This is a post that literally makes me sick to my stomach to write. My chronic pain syndrome has gotten really bad, and as I wait for a slot to open up in my doctor's wonderful rehab program, I have had to take medical leave from school.
Have you any idea how heartbreaking that decision was for me? How hard it was for me to drop my classes that I had carefully hand selected, and that I loved? Oh, it was a difficult decision.
As hard as it was to make this decision, however, there is no doubt in my mind that it was the right one. I was barely going to class. I was taking almost no notes. I was way behind on the reading, and on track to fail midterms. Staying in school made absolutely no sense.
God continues to be amazing to me, however. I was having a really hard time believing in God's existence (yes, the pain has been that bad) but then I heard three divrei Torah (literally "words of Torah," speeches on the weekly portion or something else Jewish and of interest) in a row that were about finding God in hard places. I truly felt as though they were specifically aimed at me.
And if the divrei Torah alone were not enough to restore my faith in God, my unbelievable friends have tipped the balance even farther in the right direction. These are people who have sat on the floor (easier for me to get comfortable on than a chair) next to me and held my hands during Shabbat prayer services, who have listened when I asked them not to let go of me and decided that that was more important to them at the moment than praying, who have done my laundry for me, who have gotten me food when I needed it...I have some wonderful friends.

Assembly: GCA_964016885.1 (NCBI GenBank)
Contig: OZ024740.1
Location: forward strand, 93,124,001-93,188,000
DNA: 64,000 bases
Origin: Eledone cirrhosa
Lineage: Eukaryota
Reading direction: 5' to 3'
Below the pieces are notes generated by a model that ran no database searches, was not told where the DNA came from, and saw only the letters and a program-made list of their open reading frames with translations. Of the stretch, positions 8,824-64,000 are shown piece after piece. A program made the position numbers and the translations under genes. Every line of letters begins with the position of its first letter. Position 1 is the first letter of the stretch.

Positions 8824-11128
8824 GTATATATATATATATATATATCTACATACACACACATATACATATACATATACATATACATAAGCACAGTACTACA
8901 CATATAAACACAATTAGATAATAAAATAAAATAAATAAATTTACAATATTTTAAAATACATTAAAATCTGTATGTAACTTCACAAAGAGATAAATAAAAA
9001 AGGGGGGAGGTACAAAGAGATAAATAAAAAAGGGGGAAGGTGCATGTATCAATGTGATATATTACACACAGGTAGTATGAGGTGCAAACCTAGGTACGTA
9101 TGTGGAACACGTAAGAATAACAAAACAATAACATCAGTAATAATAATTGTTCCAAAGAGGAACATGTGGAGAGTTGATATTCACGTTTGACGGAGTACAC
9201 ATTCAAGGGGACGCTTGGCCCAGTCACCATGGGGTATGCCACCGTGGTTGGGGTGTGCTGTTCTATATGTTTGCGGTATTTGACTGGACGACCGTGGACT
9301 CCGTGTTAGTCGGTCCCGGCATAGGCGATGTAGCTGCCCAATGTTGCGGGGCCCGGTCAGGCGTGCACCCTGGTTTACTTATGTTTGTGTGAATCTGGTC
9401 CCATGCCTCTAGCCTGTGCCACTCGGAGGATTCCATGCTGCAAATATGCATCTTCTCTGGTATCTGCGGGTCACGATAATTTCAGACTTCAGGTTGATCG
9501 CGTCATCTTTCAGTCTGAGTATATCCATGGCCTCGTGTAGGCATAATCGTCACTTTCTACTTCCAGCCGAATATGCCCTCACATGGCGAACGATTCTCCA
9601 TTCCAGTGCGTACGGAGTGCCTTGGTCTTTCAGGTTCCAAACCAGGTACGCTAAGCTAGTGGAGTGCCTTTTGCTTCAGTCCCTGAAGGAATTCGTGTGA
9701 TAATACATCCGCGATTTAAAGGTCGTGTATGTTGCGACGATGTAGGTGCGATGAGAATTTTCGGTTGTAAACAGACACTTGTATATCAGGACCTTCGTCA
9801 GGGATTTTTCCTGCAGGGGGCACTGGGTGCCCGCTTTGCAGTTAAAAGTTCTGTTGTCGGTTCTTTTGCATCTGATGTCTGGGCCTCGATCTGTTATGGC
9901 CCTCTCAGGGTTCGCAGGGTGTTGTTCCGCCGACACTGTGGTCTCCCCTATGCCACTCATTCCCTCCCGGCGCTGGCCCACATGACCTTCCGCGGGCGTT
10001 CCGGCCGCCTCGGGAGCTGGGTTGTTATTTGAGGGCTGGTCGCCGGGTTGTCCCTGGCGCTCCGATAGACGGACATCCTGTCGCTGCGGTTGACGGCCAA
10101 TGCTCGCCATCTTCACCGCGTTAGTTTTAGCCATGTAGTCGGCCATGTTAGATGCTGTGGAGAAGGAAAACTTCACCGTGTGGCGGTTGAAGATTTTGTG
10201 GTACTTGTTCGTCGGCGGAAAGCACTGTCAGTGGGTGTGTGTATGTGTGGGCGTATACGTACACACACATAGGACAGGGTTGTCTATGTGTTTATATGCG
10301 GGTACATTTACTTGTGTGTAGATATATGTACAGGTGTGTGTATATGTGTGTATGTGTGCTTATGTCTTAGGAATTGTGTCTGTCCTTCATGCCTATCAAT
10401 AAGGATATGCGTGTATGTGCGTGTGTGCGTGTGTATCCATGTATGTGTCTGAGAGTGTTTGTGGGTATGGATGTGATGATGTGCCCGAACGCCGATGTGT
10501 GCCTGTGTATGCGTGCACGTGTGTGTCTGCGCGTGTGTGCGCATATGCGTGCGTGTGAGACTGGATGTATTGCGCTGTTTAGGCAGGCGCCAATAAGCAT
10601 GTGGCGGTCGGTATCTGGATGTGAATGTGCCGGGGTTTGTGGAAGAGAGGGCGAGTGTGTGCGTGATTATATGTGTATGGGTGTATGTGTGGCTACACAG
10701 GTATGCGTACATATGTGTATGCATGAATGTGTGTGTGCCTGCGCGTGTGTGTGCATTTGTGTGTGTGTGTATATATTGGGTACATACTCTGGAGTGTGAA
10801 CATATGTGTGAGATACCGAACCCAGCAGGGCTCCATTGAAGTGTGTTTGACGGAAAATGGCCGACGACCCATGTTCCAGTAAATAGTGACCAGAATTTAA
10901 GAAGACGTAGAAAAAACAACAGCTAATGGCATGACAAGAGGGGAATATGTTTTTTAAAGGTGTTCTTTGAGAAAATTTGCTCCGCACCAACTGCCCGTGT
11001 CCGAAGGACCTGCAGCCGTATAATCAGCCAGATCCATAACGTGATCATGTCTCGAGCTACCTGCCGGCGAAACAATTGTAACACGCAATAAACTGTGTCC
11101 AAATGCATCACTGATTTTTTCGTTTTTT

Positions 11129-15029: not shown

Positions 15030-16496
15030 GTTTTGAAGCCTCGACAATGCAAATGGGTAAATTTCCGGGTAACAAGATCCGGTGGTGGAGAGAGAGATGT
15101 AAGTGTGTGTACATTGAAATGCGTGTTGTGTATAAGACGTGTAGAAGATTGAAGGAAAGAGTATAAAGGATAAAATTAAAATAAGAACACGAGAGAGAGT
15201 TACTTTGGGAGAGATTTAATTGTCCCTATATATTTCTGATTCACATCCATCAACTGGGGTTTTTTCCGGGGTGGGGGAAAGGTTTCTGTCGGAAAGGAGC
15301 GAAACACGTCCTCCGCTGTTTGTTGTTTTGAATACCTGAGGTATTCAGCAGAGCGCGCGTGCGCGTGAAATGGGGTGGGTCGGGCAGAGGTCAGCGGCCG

I am truly miserable. Short of giving this to someone else (I would never do that!) I would do anything to get out of this pain. I am truly disabled right now (just watch me go up or down a flight of stairs) and realize full well--and this is scary--that without my doctor's rehab program I might never finish college. But even in the darkest hour, when the night is painted black and there is no moon to light the path, the stars that are God wink through the darkness.
I will leave you with that thought.
"Don't tell God how big your storm is; tell your storm how big your God is."
I believe in God.
I believe in God.
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- I am a bipolar, Jewish young adult (had my Hebrew birthday, the one I count, and turned 23 this past January) who also suffers from Reflex Sympathetic Dystrophy. I love life and I live for my best friends: they are my purpose and my reason for trying so hard. I remain passionately devoted to those I love; I will not let my disorders make me totally self-centered. I like to read, write, and sew. My Rabbinical school plans did not work out, and I am now hoping to go into the field of Early Childhood Education. Please note: I am currently maintaining only Carried in His Hands. Enjoy!